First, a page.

Narcissistic Personality Disorder Medication

Updated: May 16, 2018
  • Author: Sheenie Ambardar, MD; Chief Editor: David Bienenfeld, MD  more...
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Medication Summary

Although no psychiatric medications are specifically approved for the treatment of narcissistic personality disorder (NPD), patients often benefit from the use of such medications to help alleviate certain symptoms associated with this disorder or to manage concomitant axis I diagnoses. Medications that may be considered include antidepressants (specifically, selective serotonin reuptake inhibitors [SSRIs]), antipsychotics, and mood stabilizers.


Selective Serotonin Reuptake Inhibitors

Class Summary

SSRIs such as citalopram may be used to treat depressive symptoms in adult patients with NPD. They are the antidepressants of choice because of their minimal anticholinergic effects. All are equally efficacious; selection depends on adverse effects and drug interactions. Determining whether the patient with NPD has a formal axis I diagnosis of major depression or depressive symptoms related to narcissistic pathology is important; this determination will influence the length and course of treatment.

Citalopram (Celexa)

Citalopram enhances serotonin activity through selective reuptake inhibition at the neuronal membrane. No head-to-head comparisons of SSRIs exist, though on the basis of metabolism and adverse effects, citalopram is considered the SSRI of choice for patients with head injury.

Escitalopram (Lexapro)

This agent is an SSRI and an S-enantiomer of citalopram that is used for the treatment of depression. Escitalopram enhances serotonin activity because of selective reuptake inhibition at the neuronal membrane. Its mechanism of action is thought to be the potentiation of serotonergic activity in the central nervous system (CNS) through the inhibition of CNS neuronal reuptake of serotonin. The onset of depression relief may occur after 1-2 weeks, which is faster than the relief obtained from other antidepressants.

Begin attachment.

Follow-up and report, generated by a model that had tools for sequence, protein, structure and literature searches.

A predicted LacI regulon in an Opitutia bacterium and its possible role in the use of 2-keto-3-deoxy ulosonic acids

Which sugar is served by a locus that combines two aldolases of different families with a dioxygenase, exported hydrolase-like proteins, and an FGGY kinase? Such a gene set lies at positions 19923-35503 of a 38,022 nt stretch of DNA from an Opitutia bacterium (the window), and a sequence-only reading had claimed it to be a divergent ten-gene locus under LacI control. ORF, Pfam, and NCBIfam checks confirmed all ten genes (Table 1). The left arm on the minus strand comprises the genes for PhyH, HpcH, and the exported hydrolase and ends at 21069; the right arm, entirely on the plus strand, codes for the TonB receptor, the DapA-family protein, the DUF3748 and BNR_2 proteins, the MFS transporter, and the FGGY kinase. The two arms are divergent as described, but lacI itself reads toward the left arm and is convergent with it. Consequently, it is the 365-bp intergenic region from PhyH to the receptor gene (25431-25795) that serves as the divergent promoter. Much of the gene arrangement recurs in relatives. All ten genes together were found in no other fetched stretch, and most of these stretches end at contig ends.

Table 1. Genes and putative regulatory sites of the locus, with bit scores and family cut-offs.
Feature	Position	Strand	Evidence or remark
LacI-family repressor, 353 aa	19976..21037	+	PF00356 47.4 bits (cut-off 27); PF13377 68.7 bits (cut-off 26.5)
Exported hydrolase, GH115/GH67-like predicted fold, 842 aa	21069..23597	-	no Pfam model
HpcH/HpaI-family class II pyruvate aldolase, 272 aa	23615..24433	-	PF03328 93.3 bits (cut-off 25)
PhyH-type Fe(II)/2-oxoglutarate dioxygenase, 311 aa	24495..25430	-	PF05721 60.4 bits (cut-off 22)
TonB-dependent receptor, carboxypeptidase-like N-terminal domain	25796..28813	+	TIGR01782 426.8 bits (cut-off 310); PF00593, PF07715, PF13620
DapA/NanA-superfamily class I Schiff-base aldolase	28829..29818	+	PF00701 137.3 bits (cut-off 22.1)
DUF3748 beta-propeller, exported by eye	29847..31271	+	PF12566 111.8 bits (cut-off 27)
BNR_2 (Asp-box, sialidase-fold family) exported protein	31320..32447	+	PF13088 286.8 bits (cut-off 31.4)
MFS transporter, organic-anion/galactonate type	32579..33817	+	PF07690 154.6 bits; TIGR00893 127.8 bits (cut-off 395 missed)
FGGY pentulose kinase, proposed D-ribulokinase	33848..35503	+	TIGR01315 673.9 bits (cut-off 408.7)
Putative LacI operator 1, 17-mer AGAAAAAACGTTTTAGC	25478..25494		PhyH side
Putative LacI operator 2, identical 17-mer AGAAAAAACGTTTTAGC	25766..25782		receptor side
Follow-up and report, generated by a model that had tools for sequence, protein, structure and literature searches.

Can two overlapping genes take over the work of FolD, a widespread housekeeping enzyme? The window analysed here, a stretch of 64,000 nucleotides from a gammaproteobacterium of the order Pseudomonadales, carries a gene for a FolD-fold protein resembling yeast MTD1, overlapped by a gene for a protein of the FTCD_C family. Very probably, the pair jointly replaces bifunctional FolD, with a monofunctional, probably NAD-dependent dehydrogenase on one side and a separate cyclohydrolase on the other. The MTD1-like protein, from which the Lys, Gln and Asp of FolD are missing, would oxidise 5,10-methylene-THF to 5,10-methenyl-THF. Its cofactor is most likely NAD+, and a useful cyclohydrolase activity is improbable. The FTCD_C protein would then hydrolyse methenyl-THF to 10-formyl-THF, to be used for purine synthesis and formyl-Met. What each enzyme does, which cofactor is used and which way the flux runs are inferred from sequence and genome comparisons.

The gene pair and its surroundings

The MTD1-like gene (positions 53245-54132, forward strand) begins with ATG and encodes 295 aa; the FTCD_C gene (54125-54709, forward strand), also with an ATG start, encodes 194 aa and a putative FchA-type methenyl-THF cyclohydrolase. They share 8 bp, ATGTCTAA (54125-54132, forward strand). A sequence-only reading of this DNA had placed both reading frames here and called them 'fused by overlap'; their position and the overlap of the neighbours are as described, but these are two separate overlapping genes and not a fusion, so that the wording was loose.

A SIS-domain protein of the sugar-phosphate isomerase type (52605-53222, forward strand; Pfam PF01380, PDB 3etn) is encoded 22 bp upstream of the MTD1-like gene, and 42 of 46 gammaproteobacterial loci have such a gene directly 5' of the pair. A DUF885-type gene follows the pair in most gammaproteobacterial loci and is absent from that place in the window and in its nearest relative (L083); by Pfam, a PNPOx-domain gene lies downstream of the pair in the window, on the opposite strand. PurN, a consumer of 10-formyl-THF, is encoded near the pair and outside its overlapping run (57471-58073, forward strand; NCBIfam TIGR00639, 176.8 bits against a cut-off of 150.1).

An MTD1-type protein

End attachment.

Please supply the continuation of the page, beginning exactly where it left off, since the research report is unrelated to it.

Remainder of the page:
Fluoxetine (Prozac)

Fluoxetine it selectively inhibits presynaptic serotonin reuptake with minimal or no effect on the reuptake of norepinephrine or dopamine.

Fluoxetine may cause more gastrointestinal adverse effects than other SSRIs now currently available. The drug may be administered in 1 dose or in divided doses. The presence of food does not appreciably alter levels of the medication. Fluoxetine may take up to 4-6 weeks to achieve steady state levels, as it has the longest half-life (72 h).

Fluoxetine's long half-life is an advantage and a drawback. If fluoxetine works well, an occasional missed dose is not a problem; if problems occur, eliminating all active metabolites takes a long time. The choice depends on adverse effects and drug interactions. Adverse effects of SSRIs seem to be quite idiosyncratic; thus, relatively few reasons exist to prefer one over another at this point if dosing is started at a conservative level and advanced as tolerated.